There has recently been some great news on the breast cancer research front, where the Massachussetts-based firm ImmunoGen Inc. was given the FDA green light for its cancer treatment using a drug called Herceptin.
Our Boston Social Security Disability Lawyers understand that this experimental drug, also known as T-DM1, is going to marketed as Kadcyla to patients with HER2-positive mestatic breast cancer who have already gotten prior treatment with a combination of chemotherapy and Herceptin.
It’s pricy, though – approximately $9,800 a month for now. Still, many hail the decision to approve the life-saving drug. The main complaint, according to the Boston Business Journal, was that it had taken seven years to approve in the first place – far too late for far too many breast cancer patients.
Breast cancer is the second most common type of cancer in the world, and sometimes, if untreated, may be deadly. Prognosis may be positive, however, for those who catch the progression fast enough.
But a diagnosis of breast cancer is not enough to secure SSDI benefits. To understand who is eligible, first let’s give a little background of the way we measure the severity of the disease. We rate breast cancer stages on a scale of Stage 0 to Stage 4. The higher the number, the more advanced the cancer is.
Stage 0 cancer involves non-invasive cancers. In this stage, cancers or abnormal pre-cancerous cells haven’t yet spread from the part of the breast where they first formed.
Stage 1 breast cancer involves cancerous cells – up to 2 centimeters – that have begun to invade nearby tissues, excluding lymph nodes.
Stage 2 cancer is divided into 2A or 2B. In 2A breast cancer, doctors are unable to find cancer cells in the breast, but they are able to find it in the lymph nodes located under the arms. In 2B, the tumor is at least five centimeters, but hasn’t spread to the lymph nodes under the arm or is less than 5 centimeters, but it has spread to the lymph nodes under the arm.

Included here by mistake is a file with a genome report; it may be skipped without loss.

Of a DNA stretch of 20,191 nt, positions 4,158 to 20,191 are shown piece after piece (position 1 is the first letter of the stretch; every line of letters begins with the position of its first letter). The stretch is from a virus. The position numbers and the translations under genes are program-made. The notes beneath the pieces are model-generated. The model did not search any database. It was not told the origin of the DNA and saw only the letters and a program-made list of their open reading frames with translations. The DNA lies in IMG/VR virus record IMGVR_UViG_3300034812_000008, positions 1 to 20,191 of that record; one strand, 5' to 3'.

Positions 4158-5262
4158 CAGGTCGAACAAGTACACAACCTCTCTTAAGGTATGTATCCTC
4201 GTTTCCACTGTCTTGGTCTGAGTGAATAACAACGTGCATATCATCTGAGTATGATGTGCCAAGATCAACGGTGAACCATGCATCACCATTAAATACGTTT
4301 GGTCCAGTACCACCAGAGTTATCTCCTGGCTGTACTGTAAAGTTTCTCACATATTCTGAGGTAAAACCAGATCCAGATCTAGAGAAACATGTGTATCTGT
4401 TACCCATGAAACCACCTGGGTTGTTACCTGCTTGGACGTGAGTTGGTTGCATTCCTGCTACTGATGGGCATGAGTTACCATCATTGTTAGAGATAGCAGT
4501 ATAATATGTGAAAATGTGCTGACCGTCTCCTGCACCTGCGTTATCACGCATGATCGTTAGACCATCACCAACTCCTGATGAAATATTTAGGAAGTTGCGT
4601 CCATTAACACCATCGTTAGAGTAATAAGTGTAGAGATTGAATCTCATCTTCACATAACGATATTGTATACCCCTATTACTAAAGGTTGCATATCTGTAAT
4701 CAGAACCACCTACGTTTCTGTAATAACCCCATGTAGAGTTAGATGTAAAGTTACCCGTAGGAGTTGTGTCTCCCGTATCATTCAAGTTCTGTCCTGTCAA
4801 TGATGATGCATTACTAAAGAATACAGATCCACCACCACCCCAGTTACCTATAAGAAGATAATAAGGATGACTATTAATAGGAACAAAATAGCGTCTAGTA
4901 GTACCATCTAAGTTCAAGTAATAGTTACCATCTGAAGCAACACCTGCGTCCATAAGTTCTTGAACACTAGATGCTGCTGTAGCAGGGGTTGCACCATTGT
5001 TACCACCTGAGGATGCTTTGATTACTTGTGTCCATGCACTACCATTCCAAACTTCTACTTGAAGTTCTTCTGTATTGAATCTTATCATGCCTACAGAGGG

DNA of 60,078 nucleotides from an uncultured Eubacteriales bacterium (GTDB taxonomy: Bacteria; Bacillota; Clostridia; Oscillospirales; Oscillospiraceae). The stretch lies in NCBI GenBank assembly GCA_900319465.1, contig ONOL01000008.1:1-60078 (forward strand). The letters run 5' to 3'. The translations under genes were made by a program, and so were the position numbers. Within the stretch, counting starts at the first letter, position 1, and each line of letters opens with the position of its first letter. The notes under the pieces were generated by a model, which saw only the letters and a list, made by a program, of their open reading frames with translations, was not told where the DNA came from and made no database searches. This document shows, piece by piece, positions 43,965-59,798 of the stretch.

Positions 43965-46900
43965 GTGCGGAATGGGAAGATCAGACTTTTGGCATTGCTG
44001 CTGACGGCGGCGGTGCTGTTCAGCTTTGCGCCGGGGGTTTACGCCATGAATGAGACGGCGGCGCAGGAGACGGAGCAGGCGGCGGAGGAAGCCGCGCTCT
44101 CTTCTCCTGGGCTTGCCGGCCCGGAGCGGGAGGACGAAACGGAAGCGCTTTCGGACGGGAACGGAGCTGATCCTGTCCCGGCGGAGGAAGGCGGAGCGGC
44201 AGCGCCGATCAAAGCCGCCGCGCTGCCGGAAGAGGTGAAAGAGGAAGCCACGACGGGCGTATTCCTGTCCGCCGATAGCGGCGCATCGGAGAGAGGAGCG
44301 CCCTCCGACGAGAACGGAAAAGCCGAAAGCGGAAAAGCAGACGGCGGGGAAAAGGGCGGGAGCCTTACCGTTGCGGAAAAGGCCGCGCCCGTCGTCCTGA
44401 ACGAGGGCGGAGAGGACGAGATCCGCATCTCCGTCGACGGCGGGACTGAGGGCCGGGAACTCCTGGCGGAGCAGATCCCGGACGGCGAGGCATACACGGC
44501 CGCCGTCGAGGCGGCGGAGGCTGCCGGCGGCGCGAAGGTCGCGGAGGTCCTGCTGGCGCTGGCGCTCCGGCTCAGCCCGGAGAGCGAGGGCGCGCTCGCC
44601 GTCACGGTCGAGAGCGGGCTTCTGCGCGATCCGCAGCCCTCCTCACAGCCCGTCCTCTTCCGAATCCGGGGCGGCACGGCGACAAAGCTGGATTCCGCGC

Stage 3 breast cancer is divided in 3A, 3B and 3C. Stage 3A breast cancer means there is no actual breast tumor and it’s all located in the underarm lymph nodes and has spread to the nearby breast bone and is sticking to other areas as well. Stage 3B breast cancer means that the tumor – any size – has spread to the breast skin, chest wall both and that it may be invading other axillary lymph nodes well. Stage 3C breast cancer means that the tumor has spread to the breast skin and chest wall and lymph nodes above and below the collar bone, as well as the lymph nodes under the arms and/or near the breast bone.
And then there is Stage 4 breast cancer. This is where the cancer has invaded other vital organs in the body, such as the brain, lungs, bones or liver.
Women who have been diagnosed with stage 4 breast cancer or cancer that is inoperable have been given an expedited means to disability benefits through a compassionate allowance.
In less serious cases, the administration is going to evaluate your breast cancer disability claim under Section 13.10, breast cancer. In order to meet the listing criteria, the administration requres that the cancer be locally advanced (or with inflammatory cancer, it can be a tumor of any size with extension directly to the skin or chest wall or internal mammary lymph nodes) or one with mestastases to the nearby bones or to 10 or more lymph nodes. Alternatively, if the breast cancer is recurrent, you would qualify for disability benefits.
The explanation is quite technical, but if you have questions about whether your condition likely qualifies you for disability benefits, we are happy to answer your questions.
If you are considering filing for SSDI in Boston, call for a free and confidential appointment at 1-888-367-2900.
ImmunoGen wins first FDA approval with breast cancer drug, Feb. 22, 2013, By Julie M. Donnelly, Boston Business Journal
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